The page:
I recently (4 weeks or so ago) launched a food recipe website and have been getting Google to index the pages by submitting an updated sitemap and requesting it to index specific pages with some success. However, recently GSC has decided that the homepage - index.html is a duplicate of another, which is very strange, because the home page is far different from any other page on the site. The only similarity to other pages are two photo's at the bottom of the page that point to the respective recipes.

The thing that is baffling me most is that the website URL https://www.example.co.uk/ is of course https://www.example.co.uk/index.html

So, could someone please explain why Google Search console is saying that https://www.example.co.uk/index.html is:

Duplicate without user-selected canonical

while at the same time https://www.example.co.uk/ is indexed correctly

This is the first website that I have asked Google to index, so my knowledge on GSC is not so great. Doesn't GSC know that https://www.example.co.uk/ is https://www.example.co.uk/index.html? It seams a little discombobulating to me!

One thing I have noticed is that https://www.example.co.uk/.index.html is not specifically named in the site map:

<?xml version="1.0" encoding="UTF-8"?>
<urlset xmlns="http://www.sitemaps.org/schemas/sitemap/0.9">

PS: I'm using the 'Sitemap Generator by Nils Soderman' extension within VS Code to generate the site map.

1 Answer 1


It is a duplicate URL. /index.html is the exact same content as /. Google doesn't want to index both, so it detects that they have the same content and chooses one.

Google says "without user selected canonical" because you are not using canonical link tags in the <head> section: <link rel="canonical" href="https://www.example.co.uk/"> that would unambiguously tell Google which one you prefer as your canonical URL.

There are two reasons that Google is selecting the one without index.html to index:

  • You list the one without in your sitemap. Google uses your sitemap as a canonicalization signal when you don't use tags.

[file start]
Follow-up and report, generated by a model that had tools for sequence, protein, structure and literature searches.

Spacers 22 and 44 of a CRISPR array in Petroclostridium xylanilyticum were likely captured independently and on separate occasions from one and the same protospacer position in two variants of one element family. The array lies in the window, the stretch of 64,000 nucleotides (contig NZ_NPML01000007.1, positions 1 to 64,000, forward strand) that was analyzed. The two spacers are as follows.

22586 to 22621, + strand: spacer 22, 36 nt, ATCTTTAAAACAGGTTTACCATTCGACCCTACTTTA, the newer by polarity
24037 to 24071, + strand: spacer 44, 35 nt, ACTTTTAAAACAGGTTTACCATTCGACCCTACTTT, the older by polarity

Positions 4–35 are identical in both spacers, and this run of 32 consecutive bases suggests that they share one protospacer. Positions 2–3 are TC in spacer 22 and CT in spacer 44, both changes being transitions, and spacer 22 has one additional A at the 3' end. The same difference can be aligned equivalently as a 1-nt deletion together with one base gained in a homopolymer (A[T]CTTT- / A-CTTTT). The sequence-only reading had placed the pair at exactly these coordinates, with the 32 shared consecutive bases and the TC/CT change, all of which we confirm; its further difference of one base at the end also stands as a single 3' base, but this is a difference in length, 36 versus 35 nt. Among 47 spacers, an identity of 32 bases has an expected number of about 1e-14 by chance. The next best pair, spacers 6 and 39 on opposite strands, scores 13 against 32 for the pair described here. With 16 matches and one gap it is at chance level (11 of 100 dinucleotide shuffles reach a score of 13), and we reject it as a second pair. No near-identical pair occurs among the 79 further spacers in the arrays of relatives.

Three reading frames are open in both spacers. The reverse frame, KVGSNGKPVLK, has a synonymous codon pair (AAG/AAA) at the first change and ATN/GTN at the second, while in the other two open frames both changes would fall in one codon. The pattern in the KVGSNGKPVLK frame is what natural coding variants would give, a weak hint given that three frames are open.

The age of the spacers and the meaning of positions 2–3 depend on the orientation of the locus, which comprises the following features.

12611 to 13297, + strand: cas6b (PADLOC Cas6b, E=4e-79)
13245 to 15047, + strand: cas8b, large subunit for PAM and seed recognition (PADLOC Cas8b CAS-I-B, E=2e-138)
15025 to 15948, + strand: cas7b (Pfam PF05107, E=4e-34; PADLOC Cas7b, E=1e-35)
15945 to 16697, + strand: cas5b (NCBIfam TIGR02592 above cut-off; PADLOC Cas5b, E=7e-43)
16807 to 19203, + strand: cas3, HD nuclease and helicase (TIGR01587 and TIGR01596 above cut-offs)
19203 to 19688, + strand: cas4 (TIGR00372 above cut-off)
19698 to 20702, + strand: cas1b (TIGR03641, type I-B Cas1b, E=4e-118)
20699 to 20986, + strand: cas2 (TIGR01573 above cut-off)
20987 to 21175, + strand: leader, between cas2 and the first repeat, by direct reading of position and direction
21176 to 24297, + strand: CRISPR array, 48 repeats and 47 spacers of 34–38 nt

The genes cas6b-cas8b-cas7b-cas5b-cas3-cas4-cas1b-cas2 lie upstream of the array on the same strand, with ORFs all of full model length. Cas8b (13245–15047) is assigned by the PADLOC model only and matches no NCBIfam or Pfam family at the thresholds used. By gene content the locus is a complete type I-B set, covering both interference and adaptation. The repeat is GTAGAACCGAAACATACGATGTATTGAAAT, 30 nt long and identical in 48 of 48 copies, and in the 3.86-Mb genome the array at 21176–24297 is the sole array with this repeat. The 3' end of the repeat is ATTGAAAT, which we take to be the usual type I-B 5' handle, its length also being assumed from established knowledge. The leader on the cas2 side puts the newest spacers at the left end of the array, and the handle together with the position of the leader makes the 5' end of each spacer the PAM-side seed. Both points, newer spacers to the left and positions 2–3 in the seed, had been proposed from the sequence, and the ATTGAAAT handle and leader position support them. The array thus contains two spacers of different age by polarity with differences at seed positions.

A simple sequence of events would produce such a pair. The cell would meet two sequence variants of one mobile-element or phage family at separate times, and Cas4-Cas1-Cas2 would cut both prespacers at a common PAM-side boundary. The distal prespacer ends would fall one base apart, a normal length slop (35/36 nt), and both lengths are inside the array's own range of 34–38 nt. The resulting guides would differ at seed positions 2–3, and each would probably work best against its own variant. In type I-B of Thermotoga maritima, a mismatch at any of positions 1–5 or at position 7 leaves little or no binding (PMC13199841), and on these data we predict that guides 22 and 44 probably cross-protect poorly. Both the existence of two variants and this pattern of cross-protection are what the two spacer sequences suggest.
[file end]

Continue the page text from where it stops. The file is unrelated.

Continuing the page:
• index.html is supposed to be hidden. Ideally users and search engines are never supposed to know it exists.

If you added canonical tags to your site. Google would change the messaging to say that it detected the duplicate URL and chose the user-selected canonical.

To that last point, you should check your pages and make sure that you aren't linking to index.html anywhere on your site. You should always link to your home page with links that don't have it using links like:

  • absolute: <a href="https://www.example.co.uk/">
  • root relative: <a href="/">
  • document relative (not recommended because it will be different for different documents based on their directory depth): <a href="./"> or <a href="../"> or <a href="../../">
  • Ah! The navigation menu has a link to example.co.uk/.index.html whereas you are saying that it should link to example.co.uk if I understand you correctly. Could this be the issue?
    – Fishbite
    Dec 5, 2023 at 12:54
  • 1
    Yes, your navigation menu should not use index.html in the link. Dec 5, 2023 at 13:11
  • I was not aware of this fact. I wrote a little program that puts the nav menu together for each page & I have corrected this now, and by what you are saying, I should not request that google index the index.html page. Am I correct in that?
    – Fishbite
    Dec 5, 2023 at 13:25
  • No, index.html is for behind-the-scene use. You want to have content on the home page. Content has to go in some file. The convention is to use index.html to contain the content for the directory index. It should never publicly appear in your URLs. Dec 5, 2023 at 13:29

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